Robinson and Taylor Released, Boulware Arriving

The Seahawks have finally released troubled receiver Koren Robinson after years of problems with substance abuse. The team also released cornerback Bobby Taylor as they get ready to welcome Peter Boulware to town.

And then there were none.

The last of the cadre of miscreants who seemed to define the underachieving Seattle Seahawks in 2004 was shown the door when WR Koren Robinson was officially released by the team. The Seahawks announced the release of both Robinson and CB Bobby Taylor on Thursday afternoon.

Taylor’s release had nothing to do with attitude or disciplinary issues – during the year he was with Seattle after signing a 4-year, $11.3 million deal with a $3 million signing bonus and incentives before the 2004 season, Taylor was a model citizen. He formed a friendship with safety Ken Hamlin that had the two players working out together and his starting role before training camp drove CB Ken Lucas to a Pro Bowl level all season. Lucas eventually supplanted Taylor in the depth chart based on performance, but Taylor’s release was predicated more on injury concerns – he missed the last seven games of the season with a knee injury and had only 13 tackles all year. The off-season signings of Andre Dyson and Kelly Herndon made Taylor ’s cut all but a formality.

Robinson’s saga with the Seahawks is far more involved. As first reported by Mike Sando and Sean Robinson of the Tacoma News Tribune on June 1 st, Robinson was stopped by Medina police on May 6th, and charged with driving under the influence and reckless driving. A recent report by Jose Miguel Romero of the Seattle Times details that Robinson was stopped for excessive speeding and unsafe lane travel. The officer who pulled him over, according to a statement from Medina police, smelled intoxicants on Robinson's breath and asked Robinson to take a field sobriety test.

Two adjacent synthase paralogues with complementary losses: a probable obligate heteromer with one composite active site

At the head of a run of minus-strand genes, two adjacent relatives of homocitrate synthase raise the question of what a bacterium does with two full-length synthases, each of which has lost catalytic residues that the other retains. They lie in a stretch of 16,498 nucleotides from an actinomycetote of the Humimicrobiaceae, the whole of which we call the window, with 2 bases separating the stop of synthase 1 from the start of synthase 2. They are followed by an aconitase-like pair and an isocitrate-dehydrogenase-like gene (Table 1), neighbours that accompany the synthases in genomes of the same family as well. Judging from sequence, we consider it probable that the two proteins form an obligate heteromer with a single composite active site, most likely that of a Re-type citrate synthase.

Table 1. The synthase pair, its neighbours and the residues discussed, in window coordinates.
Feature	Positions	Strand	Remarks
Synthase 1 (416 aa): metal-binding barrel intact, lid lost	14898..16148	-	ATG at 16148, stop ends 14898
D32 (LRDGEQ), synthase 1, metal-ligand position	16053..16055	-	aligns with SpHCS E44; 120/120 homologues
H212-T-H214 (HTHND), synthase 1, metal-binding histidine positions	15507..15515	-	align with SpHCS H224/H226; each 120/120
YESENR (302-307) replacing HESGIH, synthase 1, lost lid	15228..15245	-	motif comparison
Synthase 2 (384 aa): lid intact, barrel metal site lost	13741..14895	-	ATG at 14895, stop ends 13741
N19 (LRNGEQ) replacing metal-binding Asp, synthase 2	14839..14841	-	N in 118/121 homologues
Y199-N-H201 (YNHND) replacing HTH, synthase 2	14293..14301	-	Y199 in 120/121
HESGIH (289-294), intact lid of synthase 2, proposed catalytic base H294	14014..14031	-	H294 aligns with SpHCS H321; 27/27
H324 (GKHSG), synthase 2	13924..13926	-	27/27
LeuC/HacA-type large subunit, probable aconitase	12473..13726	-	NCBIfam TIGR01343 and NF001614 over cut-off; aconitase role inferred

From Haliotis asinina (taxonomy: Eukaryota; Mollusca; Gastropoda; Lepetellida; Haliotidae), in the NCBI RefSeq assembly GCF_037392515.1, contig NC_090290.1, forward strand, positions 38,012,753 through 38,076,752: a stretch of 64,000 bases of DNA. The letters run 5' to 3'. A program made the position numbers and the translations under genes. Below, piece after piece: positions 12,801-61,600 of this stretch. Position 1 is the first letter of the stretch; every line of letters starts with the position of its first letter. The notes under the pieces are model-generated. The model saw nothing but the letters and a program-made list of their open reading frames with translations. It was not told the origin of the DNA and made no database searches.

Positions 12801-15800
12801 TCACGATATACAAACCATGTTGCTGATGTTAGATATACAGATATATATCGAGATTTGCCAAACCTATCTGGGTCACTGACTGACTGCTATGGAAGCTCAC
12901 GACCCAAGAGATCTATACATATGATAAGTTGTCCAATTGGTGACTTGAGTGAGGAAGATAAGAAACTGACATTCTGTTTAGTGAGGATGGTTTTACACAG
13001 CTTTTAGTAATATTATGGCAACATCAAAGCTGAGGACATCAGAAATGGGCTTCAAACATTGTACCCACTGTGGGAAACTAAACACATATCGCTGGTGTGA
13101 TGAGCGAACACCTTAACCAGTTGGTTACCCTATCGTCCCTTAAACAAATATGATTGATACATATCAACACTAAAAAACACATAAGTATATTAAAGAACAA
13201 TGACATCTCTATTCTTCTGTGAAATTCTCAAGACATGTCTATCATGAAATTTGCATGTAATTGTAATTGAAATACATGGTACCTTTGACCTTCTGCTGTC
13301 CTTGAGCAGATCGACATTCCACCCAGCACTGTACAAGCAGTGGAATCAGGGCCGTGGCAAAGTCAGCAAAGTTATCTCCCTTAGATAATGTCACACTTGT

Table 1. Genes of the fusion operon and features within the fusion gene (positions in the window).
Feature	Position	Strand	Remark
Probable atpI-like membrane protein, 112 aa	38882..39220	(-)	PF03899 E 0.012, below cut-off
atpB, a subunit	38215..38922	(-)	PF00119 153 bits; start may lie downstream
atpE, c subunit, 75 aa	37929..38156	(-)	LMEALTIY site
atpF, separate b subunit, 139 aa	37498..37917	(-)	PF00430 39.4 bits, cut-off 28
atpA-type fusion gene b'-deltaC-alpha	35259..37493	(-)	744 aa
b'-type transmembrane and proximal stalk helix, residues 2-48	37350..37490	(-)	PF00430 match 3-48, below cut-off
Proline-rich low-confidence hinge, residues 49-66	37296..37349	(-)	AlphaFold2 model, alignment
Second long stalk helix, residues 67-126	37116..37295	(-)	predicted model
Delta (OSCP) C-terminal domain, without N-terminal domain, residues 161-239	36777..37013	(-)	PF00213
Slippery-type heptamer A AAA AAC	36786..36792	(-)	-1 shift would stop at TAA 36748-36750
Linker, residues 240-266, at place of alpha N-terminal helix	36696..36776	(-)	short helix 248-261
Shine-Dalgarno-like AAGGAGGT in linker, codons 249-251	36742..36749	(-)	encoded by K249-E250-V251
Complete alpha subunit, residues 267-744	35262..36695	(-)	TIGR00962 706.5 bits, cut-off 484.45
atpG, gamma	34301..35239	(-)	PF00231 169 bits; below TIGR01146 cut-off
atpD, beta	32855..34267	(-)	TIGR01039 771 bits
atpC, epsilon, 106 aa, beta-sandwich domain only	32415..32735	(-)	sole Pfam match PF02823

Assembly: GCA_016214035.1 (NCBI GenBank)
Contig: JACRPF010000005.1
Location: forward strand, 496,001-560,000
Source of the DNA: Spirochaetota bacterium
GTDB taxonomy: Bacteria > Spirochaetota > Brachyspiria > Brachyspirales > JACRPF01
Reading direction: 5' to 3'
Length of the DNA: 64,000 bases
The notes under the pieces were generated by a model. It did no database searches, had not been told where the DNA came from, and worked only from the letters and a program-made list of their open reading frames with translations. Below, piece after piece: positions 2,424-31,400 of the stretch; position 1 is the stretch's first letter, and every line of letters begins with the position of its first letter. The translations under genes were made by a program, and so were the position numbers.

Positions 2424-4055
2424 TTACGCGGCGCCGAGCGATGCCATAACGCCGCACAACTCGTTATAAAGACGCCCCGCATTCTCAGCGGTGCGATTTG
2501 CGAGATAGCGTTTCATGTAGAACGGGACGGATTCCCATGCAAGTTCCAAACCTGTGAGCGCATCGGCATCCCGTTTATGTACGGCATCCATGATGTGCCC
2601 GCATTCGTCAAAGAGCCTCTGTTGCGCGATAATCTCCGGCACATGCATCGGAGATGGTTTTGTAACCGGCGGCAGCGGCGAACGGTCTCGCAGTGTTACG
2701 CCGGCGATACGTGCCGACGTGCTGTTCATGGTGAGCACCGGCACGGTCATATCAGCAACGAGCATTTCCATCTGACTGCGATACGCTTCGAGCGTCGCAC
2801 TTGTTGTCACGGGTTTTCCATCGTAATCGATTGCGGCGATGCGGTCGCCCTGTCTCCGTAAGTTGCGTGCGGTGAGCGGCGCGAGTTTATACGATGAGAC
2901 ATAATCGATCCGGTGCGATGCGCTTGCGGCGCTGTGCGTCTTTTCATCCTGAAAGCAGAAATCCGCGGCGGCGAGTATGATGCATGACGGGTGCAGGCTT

Robinson complied and was arrested after he failed the test. After being taken to the Kirkland police station, he was notified of the charges and released to a friend. He is scheduled to appear in Kirkland court on July 18th.

This was the last straw for the Seahawks.

After years of battling various substance abuse issues, Robinson spent part of this offseason at an undisclosed rehab facility, and recently made several statements to the media in which he implied that he was on the mend and turning over a new leaf – most notably a statement made on April 30, less than a week before the DUI arrest, when he claimed that he was not drinking anymore. “I’m not stupid, man,” he said then. “I’m not going to be one of those people they talk about, ‘Oh, he had the potential to be a great player but he let this, that and the third, so many distractions’ – that’s not going to be me.”

Last season, Robinson spent six of the team’s last seven games on the sidelines – suspended twice for one game each by the team for missing practices and meetings, and serving a four-game suspension from the NFL for violating the league’s substance abuse policy. After suspending Robinson before the regular season finale against the Falcons for missing a New Year’s Day walkthrough practice, head coach Mike Holmgren told Robinson that he could play in the wild-card playoff game against the St. Louis Rams if he sought professional help in the offseason. Robinson caught 4 passes for 40 yards and fumbled twice in the game that ended Seattle’s season when the Seahawks lost, 27-20.